“It means we’re complicated, just like I said to Amy.”

“You think I’ll leave.”

“Of course you’ll leave.”

“I know what I said—”

“Over and over, you said it. I told you alone wasn’t better. I did. I meant it, but we don’t know each other.”

“What? We do. I want to know more.”

“No. No, I don’t. I don’t want to feel what you make me feel.”

“What am I making you feel?”

“Confused.”

I back her against the railing, my legs framing hers, hands cupping her face. “You aren’t pushing me away. I don’t know why you’re trying.”

“Amy needed you and you stayed away from her.”

“To protect her, Gia,” I argue, hearing the accusation in her voice. “Is that what this is about? You think I’ll leave. I’m not leaving you.”

“Chad.”

I squeeze my eyes shut at the sound of Tellar’s voice. “Now isn’t a good time.”

“Make it a good time.” The hardness in his voice has me releasing Gia, who immediately retreats, hugging herself.

Frustrated, I turn to face Tellar, finding his spine erect, his expression pure stone. My brow furrows, and I don’t have to ask if there’s a problem to know that there is, nor do I miss the irony of having sworn I would end this, sparing Gia and me nothing in the worst of moments.

I look at her, willing her to look at me, but she doesn’t. Amy exits the side door again, a well-timed companion to Gia, and for reasons I can’t explain, it feels almost too well-timed. But as I step toward the living area with Tellar, and Amy moves toward Gia, I frown when she doesn’t look at me. What the hell is going on?

Following Teller to the kitchen, I find Liam sitting at the same spot that he’s occupied for days, but his eyes are not on his computer screen. They’re on me. Silently, he motions to the seat beside him, giving me the impression he wants me closer than in the past, the conversation tighter. I join him, and Tellar claims the seat across from us. They share a look, and unease has me snapping, “What the hell is going on?”

Liam’s lips press together a moment before he asks, “How much do you know about Gia?”

Just the question punches me in the chest with dread. “Why?”

Tellar answers: “Because looking at the files again made me realize we didn’t have one on Gia.”

“I had it on my computer that disappeared from the SUV,” I reply. “Jared pulled it for me when we were in the city.”

“So you reviewed Jared’s file?” Liam asks.

“Yes. Completely.” I narrow my gaze on him. “Whatever you aren’t saying, just get to it.”

“Does the name Madison Cook mean anything to you?” Tellar asks.

“That’s the man who created the cylinder,” I reply.

“That’s Gia’s father,” he says.

“No,” I say, rejecting that bomb. “That’s impossible. Her last name is Hudson, not Cook, and she told me that her father was a chemist at the university. Cook was a scientist at NASA, who worked on the cylinder there until funding was cut and Sheridan offered him private support.”

“And the files that Jared gave you confirmed that Gia’s father worked at the university?”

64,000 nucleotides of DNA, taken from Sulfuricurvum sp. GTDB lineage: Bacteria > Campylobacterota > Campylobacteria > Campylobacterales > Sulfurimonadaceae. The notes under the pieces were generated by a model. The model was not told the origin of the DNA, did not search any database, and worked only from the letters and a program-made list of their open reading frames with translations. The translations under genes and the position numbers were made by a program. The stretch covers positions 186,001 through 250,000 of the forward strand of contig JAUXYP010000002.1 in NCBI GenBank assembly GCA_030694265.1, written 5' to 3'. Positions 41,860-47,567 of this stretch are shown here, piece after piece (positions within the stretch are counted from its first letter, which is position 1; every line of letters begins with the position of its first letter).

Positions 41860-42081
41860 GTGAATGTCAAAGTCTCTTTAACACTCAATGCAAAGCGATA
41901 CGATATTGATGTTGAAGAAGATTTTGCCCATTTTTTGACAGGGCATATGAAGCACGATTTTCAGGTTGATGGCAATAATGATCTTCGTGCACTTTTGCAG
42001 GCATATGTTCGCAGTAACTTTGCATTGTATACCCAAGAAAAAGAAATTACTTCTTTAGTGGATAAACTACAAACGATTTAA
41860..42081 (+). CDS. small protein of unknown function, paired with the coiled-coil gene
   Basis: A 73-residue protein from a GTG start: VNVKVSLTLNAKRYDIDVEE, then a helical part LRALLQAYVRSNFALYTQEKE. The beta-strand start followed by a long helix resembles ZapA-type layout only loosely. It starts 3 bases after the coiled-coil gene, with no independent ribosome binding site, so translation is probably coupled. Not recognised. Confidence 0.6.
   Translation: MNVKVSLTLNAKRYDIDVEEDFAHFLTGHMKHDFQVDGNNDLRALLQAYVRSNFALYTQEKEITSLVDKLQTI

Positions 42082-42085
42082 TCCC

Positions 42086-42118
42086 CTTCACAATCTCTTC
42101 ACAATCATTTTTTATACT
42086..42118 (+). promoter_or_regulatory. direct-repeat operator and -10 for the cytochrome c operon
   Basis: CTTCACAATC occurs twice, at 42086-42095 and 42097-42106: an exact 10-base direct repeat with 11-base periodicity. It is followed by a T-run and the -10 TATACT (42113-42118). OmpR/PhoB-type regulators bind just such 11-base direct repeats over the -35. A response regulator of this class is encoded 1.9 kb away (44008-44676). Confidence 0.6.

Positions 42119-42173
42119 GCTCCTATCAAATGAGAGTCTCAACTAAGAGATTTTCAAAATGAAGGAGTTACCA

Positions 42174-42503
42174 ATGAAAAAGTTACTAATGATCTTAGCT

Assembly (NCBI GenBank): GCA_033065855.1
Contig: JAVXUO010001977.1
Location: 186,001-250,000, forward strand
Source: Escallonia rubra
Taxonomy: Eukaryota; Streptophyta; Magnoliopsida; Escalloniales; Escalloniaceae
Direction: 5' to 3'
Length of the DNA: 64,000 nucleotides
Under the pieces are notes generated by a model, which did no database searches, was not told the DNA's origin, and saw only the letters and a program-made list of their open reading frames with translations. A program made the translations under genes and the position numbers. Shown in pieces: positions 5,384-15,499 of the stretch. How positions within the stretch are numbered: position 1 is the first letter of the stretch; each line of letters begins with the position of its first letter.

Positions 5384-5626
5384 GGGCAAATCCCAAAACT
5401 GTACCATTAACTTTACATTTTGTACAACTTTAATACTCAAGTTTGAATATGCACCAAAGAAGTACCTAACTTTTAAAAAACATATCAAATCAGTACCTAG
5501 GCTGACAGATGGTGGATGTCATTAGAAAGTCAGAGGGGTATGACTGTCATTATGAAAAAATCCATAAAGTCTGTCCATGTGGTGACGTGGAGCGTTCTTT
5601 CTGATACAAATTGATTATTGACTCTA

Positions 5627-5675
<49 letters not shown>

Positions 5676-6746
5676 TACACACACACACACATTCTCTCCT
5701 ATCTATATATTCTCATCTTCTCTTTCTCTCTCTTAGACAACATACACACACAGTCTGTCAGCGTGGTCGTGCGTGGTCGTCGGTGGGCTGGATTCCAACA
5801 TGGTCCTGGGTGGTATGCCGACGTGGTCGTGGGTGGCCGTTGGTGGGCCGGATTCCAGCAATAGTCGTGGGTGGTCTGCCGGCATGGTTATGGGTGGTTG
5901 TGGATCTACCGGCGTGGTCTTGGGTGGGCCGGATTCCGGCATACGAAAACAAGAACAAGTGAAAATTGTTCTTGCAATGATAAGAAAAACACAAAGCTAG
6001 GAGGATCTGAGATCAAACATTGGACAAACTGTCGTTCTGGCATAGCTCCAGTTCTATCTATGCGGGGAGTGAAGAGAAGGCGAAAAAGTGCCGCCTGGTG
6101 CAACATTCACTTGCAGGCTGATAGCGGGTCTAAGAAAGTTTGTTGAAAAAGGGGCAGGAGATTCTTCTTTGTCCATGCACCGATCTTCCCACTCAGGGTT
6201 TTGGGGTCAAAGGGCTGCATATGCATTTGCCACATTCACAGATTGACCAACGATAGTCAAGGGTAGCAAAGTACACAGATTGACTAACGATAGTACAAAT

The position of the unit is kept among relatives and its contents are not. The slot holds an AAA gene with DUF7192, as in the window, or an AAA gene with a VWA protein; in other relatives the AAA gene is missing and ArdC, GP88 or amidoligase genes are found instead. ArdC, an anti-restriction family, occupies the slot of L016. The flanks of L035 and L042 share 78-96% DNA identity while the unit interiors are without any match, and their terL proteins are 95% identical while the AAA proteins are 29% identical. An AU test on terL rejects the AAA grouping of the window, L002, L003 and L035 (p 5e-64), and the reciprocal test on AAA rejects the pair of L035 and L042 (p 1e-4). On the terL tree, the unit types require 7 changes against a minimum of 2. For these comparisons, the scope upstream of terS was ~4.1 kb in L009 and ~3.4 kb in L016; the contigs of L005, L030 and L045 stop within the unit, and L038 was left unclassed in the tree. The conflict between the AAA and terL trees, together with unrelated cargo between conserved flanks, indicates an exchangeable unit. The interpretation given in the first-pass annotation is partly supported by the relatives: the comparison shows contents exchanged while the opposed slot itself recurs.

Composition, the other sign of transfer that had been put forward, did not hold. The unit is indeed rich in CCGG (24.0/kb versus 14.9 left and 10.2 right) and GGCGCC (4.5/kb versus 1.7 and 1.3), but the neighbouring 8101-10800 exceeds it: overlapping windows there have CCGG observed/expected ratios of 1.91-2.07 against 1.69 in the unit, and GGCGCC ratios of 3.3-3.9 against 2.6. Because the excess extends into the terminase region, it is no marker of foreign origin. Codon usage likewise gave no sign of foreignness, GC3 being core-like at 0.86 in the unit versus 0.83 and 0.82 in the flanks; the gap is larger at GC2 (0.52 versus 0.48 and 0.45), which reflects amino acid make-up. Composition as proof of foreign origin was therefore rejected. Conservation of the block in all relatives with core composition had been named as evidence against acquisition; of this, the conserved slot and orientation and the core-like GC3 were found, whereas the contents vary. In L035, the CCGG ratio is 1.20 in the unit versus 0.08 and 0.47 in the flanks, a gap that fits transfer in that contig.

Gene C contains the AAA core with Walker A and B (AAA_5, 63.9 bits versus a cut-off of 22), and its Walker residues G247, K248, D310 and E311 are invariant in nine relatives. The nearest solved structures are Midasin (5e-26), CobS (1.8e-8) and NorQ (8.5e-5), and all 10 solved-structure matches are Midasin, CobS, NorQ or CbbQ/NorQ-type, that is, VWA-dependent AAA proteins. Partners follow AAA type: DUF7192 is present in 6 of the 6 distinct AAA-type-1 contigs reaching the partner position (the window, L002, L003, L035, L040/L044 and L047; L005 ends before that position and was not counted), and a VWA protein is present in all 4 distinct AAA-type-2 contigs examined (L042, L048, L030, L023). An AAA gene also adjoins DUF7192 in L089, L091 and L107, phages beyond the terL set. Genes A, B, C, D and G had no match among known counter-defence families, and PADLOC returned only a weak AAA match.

“No,” I say, a knot forming in my stomach. “He gave me her employee record from Sheridan’s company records.”

Tellar slides an iPad in front of me, showing me Gia’s birth certificate. “Gia Hudson. Mother: Gia Marie Hudson. Father: Madison Cook.”

Barely believing what I’m seeing, I run my hand over my face. “Her parents were never married,” Tellar says, pointing out the obvious. “And Jared seems too good to miss what I’ve found this easily. Did he know her before you did?”

“No,” I say, praying that answer is right. “She doesn’t trust Jared.”

“Or she was afraid that he’d tell her secrets,” Tellar offers.

“I don’t trust Jared,” Liam says. “I never did, but right now, Gia’s the one we need to focus on. We don’t know what she wants done with her father’s cylinder. If it’s the same as us, we don’t have a problem on that end. We need to know for sure, though, and I’m not sure how we make that happen.”

“She wants the same as us,” I say. “I’m sure of it.”

“You didn’t know her history,” Liam argues. “You can’t know her motivations.”

I scrub my neck. “I was an asshole to her. I played up being a treasure hunter when I thought she was working for Sheridan. I told her that I would do anything for money, including selling her back to Sheridan, to scare her into helping me.”

“Since she kept her mouth shut about her past,” Tellar says, “I’d say you were convincing, which leads to another problem.”

“What problem?”

“Records show that her father died in a car accident a month before your house burned down,” Tellar explains. “I did some digging and someone was sloppy. Her father was in Alaska the day he was supposed to have been killed in a car accident in Texas.”

My anger rises swiftly, barely contained. “Be careful where you’re going with this, Tellar.”

He holds up his hands. “Hey man, I don’t believe it was you. I’m simply stating facts here. You told her you’d do anything for money and she knows you got the cylinder from somewhere and her father was obviously murdered.”

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